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We introduced the extension of Stolt prestack residual migration for converted waves. Our new operator involves the selection of three parameters in order to update the image.

To help in the memory and disk space necessary for the implementation of our operator, we also derived approximations that reduce the number of free parameters to a two. The most appropriate way of reducing the number of parameters is by freezing one of them. Our experience suggests freezing $\gamma_0$at the RMS value of the ratio between the P and the S migration velocities.

In constant velocity, we proved that we can recover the image obtained with an initial migration that uses an inaccurate velocity model. Therefore, we can update a migration with constant two-velocities model using our new operator. We can also update an image obtained with a depth variant velocity. However, the refocusing performed by residual migration is only approximate.

The advantages of having an operator to update converted waves images allow us to extrapolate our ability to handle multiple mode data. We hope that it will lead to more accurate methods for performing velocity analysis for converted waves.


Solving the first equation of:

\left (
 ...2 s_{s_m}^2 -k_g^2}
\right ) ,
\\  \nonumber\end{array} \right.\end{displaymath}   

for $\omega^2$ we have:

2k_z = \sqrt{{\omega^2}{s_{p_0}^2}-k_s^2}+\sqrt{{\omega^2}{s_{s_0}^2}-k_g^2},\end{displaymath}


\left( 2k_z-\sqrt{\omega^2 s_{p_0}^2 -k_s^2} \right)^2 = \left( \sqrt{\omega^2 s_{s_0}^2 -k_g^2} \right)^2.\end{displaymath}

Squaring the previous equation and isolating the remaining square root we obtain:

4k_z^2 +{\omega^2}{s_{p_0}^2}-{\omega^2}{s_{s_0}^2}+k_g^2 -k_s^2 =4k_z \sqrt{\omega^2 s_{p_0}^2 -k_s^2}.\end{displaymath}

Squaring the previous equations, grouping common terms, and setting equal to zero, we get:

\omega^4 \left( s_{p_0}^2 -s_{s_0}^2 \right)^2 + \omega^2 \l...] + \left(4k_z^2 +k_g^2 -k_s^2 \right)^2 + 16k_z^2 k_s^2 = 0.\end{displaymath}

Solving for $\omega^2$ we obtain

\omega^2 = \frac{s_{s_0}^2 \left(4k_z^2 +k_g^2 -k_s^2 \right...
 ..._g^2 - s_{s_0}^4 k_s^2}}{\left(s_{p_0}^2 -s_{s_0}^2 \right)^2}.\end{displaymath} (6)

We select the negative sign of the radical as the final solution for $\omega^2$,as discussed in Appendix B.

Substituting the result of $\omega^2$ in the second equation of relation (7), we obtain the relationship for residual prestack migration for converted waves.

In order to demonstrate this fact, we need to simplify the dispersion relation for $\omega^2$ in terms of $\gamma_0 = \frac{v_{p_0}}{v_{s_0}}$, sp0 and ss0 depending on the source or receiver SSR equation.

\left(s_{p_0}^2 -s_{s_0}^2 \right)^2 = s_{p_0}^4 \left(1- \gamma_0^2 \right)^2\end{displaymath}


\omega^2 = \frac{\gamma_0^2 \left(A \right) + \left( B \righ...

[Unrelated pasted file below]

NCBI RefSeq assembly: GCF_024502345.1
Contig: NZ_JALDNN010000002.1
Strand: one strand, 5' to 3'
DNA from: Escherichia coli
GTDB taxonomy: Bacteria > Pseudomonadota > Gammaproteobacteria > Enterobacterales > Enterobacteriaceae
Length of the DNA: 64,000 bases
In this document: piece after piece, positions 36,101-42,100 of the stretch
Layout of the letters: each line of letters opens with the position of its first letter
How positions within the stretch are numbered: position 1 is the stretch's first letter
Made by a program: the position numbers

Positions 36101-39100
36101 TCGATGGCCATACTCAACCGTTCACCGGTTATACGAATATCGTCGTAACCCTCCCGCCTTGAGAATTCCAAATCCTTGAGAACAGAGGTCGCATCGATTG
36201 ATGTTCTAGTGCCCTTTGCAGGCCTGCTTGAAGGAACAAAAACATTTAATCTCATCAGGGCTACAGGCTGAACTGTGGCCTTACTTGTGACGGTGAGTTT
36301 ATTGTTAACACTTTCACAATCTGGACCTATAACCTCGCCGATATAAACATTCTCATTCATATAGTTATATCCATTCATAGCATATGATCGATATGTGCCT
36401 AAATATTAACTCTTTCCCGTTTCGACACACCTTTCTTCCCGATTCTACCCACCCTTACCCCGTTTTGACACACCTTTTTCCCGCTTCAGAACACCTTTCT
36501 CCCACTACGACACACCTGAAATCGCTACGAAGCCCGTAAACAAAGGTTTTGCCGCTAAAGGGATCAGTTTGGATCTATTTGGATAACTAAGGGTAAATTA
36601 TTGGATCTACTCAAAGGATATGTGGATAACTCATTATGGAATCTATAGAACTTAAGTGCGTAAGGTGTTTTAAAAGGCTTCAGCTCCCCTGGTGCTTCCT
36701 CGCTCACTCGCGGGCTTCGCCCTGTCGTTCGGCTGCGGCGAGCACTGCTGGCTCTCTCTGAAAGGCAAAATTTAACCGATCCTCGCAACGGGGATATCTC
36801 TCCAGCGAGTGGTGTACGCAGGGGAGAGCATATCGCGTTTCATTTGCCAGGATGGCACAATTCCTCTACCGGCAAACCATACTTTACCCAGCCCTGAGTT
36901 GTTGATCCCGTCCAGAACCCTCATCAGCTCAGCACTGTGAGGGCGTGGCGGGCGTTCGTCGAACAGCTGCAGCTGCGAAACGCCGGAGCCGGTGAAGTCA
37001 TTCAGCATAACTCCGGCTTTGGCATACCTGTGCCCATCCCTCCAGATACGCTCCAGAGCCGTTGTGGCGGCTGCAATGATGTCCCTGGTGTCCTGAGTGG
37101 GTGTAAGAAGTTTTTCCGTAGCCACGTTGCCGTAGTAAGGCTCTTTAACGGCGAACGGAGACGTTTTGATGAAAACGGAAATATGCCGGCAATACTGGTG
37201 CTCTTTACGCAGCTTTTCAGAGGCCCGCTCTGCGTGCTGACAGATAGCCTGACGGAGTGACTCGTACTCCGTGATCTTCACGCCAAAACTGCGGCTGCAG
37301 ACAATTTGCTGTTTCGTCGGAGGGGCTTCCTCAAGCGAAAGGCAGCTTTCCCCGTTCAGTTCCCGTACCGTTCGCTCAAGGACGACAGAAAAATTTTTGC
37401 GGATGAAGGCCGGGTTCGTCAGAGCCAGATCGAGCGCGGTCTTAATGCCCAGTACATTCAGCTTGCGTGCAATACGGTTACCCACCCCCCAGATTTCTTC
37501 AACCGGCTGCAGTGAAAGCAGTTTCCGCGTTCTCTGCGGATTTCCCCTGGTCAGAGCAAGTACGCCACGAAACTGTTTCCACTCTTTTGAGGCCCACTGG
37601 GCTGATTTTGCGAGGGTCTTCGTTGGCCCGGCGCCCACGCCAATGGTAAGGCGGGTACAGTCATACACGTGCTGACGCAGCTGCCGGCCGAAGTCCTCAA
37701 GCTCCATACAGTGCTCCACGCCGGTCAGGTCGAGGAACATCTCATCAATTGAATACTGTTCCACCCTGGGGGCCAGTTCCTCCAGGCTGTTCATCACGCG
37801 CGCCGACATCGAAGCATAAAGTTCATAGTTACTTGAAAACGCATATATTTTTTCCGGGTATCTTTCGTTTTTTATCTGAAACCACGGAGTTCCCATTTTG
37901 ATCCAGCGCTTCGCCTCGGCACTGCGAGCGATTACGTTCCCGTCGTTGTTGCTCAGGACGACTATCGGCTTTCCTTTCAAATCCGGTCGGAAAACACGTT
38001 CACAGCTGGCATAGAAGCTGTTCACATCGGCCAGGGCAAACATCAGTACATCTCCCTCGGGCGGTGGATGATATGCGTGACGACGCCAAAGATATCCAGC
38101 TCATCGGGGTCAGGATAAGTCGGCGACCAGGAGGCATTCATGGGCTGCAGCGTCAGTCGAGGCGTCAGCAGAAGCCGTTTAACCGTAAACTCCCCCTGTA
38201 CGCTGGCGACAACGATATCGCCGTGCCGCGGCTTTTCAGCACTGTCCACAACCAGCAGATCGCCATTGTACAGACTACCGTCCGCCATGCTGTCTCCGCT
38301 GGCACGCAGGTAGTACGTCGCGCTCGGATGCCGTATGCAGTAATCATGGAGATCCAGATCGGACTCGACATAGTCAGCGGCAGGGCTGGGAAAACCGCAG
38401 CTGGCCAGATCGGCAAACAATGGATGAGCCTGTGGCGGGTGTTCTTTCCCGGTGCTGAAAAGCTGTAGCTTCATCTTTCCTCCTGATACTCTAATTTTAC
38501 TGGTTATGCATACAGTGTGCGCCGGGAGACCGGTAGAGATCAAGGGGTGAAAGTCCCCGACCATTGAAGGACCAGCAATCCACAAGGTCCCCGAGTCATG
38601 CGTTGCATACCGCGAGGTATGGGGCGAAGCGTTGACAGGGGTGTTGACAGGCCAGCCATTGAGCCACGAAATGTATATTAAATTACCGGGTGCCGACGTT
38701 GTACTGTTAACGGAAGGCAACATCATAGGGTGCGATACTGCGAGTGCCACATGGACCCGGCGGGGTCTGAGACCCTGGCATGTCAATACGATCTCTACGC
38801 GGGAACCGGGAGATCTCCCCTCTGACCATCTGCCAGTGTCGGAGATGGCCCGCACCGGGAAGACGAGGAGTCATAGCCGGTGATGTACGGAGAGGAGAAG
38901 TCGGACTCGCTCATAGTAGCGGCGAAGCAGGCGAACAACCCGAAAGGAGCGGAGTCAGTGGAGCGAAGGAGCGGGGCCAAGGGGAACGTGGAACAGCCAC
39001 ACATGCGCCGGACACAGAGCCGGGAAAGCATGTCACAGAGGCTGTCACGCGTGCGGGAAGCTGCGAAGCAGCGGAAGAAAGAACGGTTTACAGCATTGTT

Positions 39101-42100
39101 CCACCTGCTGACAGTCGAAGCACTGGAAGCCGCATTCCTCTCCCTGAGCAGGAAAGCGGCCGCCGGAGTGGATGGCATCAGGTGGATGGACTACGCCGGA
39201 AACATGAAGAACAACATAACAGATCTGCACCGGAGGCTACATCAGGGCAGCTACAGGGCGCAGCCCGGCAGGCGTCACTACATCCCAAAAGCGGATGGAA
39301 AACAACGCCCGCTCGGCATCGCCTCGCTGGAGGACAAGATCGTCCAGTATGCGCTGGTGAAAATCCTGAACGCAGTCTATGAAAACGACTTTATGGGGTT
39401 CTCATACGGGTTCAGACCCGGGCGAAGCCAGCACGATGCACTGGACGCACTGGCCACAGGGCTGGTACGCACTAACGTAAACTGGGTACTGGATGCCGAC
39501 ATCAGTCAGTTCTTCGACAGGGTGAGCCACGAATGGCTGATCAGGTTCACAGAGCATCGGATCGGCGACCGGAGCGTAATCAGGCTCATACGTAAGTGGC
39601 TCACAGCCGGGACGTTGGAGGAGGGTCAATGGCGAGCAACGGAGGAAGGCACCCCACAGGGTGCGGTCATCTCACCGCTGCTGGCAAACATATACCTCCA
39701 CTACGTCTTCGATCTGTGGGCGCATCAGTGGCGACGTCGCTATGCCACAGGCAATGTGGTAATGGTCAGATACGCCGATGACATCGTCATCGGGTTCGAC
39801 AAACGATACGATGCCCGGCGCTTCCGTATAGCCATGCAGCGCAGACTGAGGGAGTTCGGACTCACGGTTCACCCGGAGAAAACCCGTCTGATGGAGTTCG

...- \gamma_0^4 k_s^2}}{s_{p_0}^2 \left(1- \gamma_0^2 \right)^2} ,\end{displaymath}


\left (
\sqrt{\omega^2 s_{p_m}^2 -k_s^2}+\sqrt{\omega^2 s_{s_m}^2 -k_g^2}
\right ) ,\end{displaymath}


\kappa_0^2 = \frac{\gamma_0^2 A+B-4k_z^2 \sqrt{\gamma_0^2 C-k_g^2 - \gamma_0^4 k_s^2}}{\left(1- \gamma_0^2 \right)^2} ,\end{displaymath} (7)

we finally note that $\omega^2 = \frac{\kappa_0^2}{s_{p_0}^2}$.

We then have equation (3), which is:

\left (
\sqrt{\gamma_0^2 \rho_s^2 \kappa...
 ...k_g^2} + \sqrt{\rho_p^2 \kappa_0^2 - k_s^2}
\right ).


We want to evaluate equations (3), (5) and (6) when vp = vs, or equivalently, when $\gamma_m = \gamma_0 = 1$.

It is possible to see from equation (9) that for the particular case of $\gamma_0 = 1$ we have a division by zero. Since we have a division by zero, we need to analyze the equation when we approach to $\gamma_0 \rightarrow 1$.For this purpose, we are going to use L'Hôpital. Therefore, we need to have a zero also in the numerator, which is possible for any value of kz if, and only if, we choose the negative sign as a solution in equation (8).

Referring to equation (9) as $\kappa_0^2 = f(\gamma_0) / g(\gamma_0)$, and applying the L'Hôpital, we calculate the derivative with respect to $\gamma_0$ to $f(\gamma_0)$ and $g(\gamma_0)$.

We derive

\frac{\partial}{\partial \gamma_0} f(\gamma_0) = 2 \gamma_0 ...
 ...left(4k_z^2 +k_g^2 + k_s^2 \right) - k_g^2- \gamma_0^4 k_s^2}}.\end{displaymath}

On the other hand, the derivative of the denominator is:

\frac{\partial}{\partial \gamma_0} \left ( \left (\gamma_0^2 -1 \right)^2 \right ) = 4 \left (\gamma_0^2 -1 \right) \gamma_0.\end{displaymath}

Analyzing the limit for $\gamma_0 \rightarrow 1$ of the $f\prime (\gamma_0) / g\prime (\gamma_0)$,we still have a $\frac{0}{0}$ relation, which means we must re-apply L'Hôpital,

\frac{\partial}{\partial \gamma_0} f^{\prime}(\gamma_0) = 2 ...
 ...s^2 \right) - k_g^2 - \gamma_0^4 k_s^2 \right )^{\frac{1}{2}}}.\end{displaymath}

On the other hand, the second derivative of the denominator is:

\frac{\partial}{\partial \gamma_0} g^{\prime}(\gamma_0) = 8 \gamma_0^2.\end{displaymath}

We finally have

\lim_{\gamma_0 \to 1} \frac{f(\gamma_0)}{g(\gamma_0)} = \lim...
 ...\gamma_0)}{\frac{\partial^2}{\partial \gamma_0^2} g(\gamma_0)}.\end{displaymath}

Therefore, we have $\kappa_0^2$ for $\gamma_0 \rightarrow 1$ reduces to:

\left [ 4k_z^2 + \left ( k_g - k_s \right )^2 \right ] \left[ 4k_z^2 + \left ( k_g + k_s \right )^2 \right ]\end{displaymath}

which is the expression for the conventional case of PP waves.

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